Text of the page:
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The EE Harrier Tab is a tablet of greater taste than its shiny-as-you-like fake metal rear might suggest. It doesn't have an EE-heavy interface, performs very well, and has a practical design that is both light and practical.
If the idea of a 4G tablet appeals, this is one of the best budget options. It is much better than the Vodafone alternative, the Smart Tab prime 6, thanks to its higher-quality screen.
However, if mobile internet is something you can live without, the Tesco Hudl2 is an even better buy at a jaw-dropping £99. And if you can afford a bit more, the Samsung Galaxy Tab S 8.4 offers a bunch of worthwhile benefits.
General performance is good, with none of the app loading pauses and icon pop-up problems we've seen in cheaper Android Lollipop devices.
Having 4G at this price is great too. While EE's deals generally mean keeping a tight rein on your use, watching films and videos on a large screen like this is much more rewarding than on a 5-inch phone.
A lot of that is down to the screen. While the pixel density is not Retina-like, it's not far off, and the display has a relaxed, natural tone that doesn't try to overcook its colours.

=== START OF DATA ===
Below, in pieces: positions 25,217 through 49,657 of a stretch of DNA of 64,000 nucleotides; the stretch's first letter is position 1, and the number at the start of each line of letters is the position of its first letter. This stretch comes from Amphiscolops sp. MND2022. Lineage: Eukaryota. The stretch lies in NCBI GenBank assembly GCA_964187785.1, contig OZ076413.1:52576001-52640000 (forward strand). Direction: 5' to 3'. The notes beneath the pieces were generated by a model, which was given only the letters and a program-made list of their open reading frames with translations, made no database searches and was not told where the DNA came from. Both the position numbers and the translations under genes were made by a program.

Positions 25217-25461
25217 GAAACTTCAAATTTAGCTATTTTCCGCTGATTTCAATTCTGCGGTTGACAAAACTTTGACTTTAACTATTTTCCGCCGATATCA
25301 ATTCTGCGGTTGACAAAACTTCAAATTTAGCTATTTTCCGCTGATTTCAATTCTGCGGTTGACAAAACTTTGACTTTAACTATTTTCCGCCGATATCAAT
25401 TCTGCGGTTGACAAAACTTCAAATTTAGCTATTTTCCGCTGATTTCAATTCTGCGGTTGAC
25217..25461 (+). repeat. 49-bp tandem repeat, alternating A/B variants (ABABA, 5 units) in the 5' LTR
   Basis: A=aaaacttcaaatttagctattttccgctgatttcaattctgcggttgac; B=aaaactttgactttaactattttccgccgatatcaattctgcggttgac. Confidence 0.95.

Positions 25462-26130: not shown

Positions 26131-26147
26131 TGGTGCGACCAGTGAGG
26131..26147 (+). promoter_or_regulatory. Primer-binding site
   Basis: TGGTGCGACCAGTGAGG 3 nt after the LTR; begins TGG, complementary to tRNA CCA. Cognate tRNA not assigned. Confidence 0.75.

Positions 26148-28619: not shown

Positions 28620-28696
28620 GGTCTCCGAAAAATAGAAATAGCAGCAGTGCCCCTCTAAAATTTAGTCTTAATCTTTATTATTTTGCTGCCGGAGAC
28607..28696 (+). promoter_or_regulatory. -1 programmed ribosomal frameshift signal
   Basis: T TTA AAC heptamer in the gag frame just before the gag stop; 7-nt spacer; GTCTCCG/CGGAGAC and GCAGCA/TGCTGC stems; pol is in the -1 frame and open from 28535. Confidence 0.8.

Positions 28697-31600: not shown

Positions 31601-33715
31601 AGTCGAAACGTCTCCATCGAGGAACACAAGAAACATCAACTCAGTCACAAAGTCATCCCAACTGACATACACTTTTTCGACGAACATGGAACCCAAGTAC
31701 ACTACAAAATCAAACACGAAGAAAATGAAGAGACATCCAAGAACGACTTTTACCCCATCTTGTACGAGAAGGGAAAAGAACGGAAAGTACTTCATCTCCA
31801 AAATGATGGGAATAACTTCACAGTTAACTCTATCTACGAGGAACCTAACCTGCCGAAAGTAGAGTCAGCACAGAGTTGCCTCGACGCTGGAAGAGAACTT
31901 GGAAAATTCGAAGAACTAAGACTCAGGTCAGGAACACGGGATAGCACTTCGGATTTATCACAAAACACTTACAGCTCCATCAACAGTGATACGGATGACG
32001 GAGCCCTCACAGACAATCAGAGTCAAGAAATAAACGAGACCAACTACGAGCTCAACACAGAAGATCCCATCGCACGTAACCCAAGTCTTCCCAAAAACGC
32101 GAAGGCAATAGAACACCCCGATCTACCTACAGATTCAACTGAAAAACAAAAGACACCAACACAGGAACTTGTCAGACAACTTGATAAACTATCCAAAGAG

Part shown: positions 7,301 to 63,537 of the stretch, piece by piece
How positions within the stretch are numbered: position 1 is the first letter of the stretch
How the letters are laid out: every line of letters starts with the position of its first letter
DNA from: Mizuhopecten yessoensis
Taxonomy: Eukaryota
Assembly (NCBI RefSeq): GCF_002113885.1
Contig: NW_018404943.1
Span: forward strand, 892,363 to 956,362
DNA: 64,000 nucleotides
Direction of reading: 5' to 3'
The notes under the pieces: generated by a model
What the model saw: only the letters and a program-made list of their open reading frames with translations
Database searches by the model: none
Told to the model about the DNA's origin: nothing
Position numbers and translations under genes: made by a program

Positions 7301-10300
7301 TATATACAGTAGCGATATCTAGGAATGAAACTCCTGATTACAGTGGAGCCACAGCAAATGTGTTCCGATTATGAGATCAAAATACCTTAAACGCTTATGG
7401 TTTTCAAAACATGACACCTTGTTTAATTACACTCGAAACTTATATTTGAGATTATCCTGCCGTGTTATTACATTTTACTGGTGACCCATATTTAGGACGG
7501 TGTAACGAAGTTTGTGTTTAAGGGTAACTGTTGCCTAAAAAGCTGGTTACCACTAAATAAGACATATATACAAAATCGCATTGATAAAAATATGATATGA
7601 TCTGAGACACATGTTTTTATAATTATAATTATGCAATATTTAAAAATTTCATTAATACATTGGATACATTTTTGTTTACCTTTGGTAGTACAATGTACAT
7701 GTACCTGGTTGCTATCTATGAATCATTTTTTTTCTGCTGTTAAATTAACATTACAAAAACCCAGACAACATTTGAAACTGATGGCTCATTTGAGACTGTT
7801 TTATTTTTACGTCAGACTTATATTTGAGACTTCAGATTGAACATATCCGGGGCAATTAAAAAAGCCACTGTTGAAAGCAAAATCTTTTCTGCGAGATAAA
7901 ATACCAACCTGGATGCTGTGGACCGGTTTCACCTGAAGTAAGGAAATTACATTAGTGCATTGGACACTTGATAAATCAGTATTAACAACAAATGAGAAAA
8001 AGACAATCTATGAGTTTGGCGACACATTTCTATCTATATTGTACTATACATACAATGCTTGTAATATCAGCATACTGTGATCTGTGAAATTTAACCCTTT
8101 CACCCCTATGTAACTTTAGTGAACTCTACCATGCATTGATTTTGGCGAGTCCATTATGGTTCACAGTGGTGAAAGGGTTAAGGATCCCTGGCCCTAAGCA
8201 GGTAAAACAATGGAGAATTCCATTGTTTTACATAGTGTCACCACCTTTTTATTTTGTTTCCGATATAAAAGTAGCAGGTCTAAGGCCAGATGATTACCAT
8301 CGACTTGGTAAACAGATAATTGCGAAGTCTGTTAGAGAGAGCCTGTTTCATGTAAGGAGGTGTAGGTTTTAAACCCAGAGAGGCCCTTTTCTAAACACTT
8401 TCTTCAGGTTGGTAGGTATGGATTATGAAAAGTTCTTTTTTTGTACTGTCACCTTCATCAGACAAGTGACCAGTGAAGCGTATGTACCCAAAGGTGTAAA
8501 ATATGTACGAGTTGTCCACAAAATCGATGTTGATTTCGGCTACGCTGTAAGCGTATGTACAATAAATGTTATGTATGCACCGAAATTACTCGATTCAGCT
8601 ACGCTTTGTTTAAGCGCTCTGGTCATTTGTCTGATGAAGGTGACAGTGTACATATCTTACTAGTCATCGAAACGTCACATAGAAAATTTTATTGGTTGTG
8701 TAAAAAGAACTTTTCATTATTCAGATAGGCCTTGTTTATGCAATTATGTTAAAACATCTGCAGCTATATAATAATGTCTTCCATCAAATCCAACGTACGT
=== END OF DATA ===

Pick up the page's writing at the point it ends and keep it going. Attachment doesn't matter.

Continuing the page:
In bright sunlight, the fake metal glints in a way that looks a bit gaudy. We didn't expect real metal at the price, but pretend metal should do its best not to scream at you.
Battery life isn't anything like iPad-grade. You won't get close to 10 hours unless you use the EE Harrier Tab very lightly, with fairly low screen brightness.
Like a lot of lower-cost tablets, the cameras are poor too. But do you really want to use a tablet as your main camera?
While we're happy with the EE Harrier Tab prioritising the basics over fluffy extras, it's a shame there's no IR blaster, which can be used to control TVs and so on.
Aside from a cod-metal back, there's little flashiness to the EE Harrier Tab. With this in mind it has all the elements needed to made a decent, modern tablet.
The screen is good quality and the right size, with enough power to make it perform well, and the design is both modern and practical.
The price isn't as insanely aggressive as the Tesco Hudl 2 and you can get a few more features from non-4G tablets at the price. But it's a good buy if you want something with mobile internet skills.
First reviewed: July 2015
Andrew is a freelance journalist and has been writing and editing for some of the UK's top tech and lifestyle publications including TrustedReviews, Stuff, T3, TechRadar, Lifehacker and others.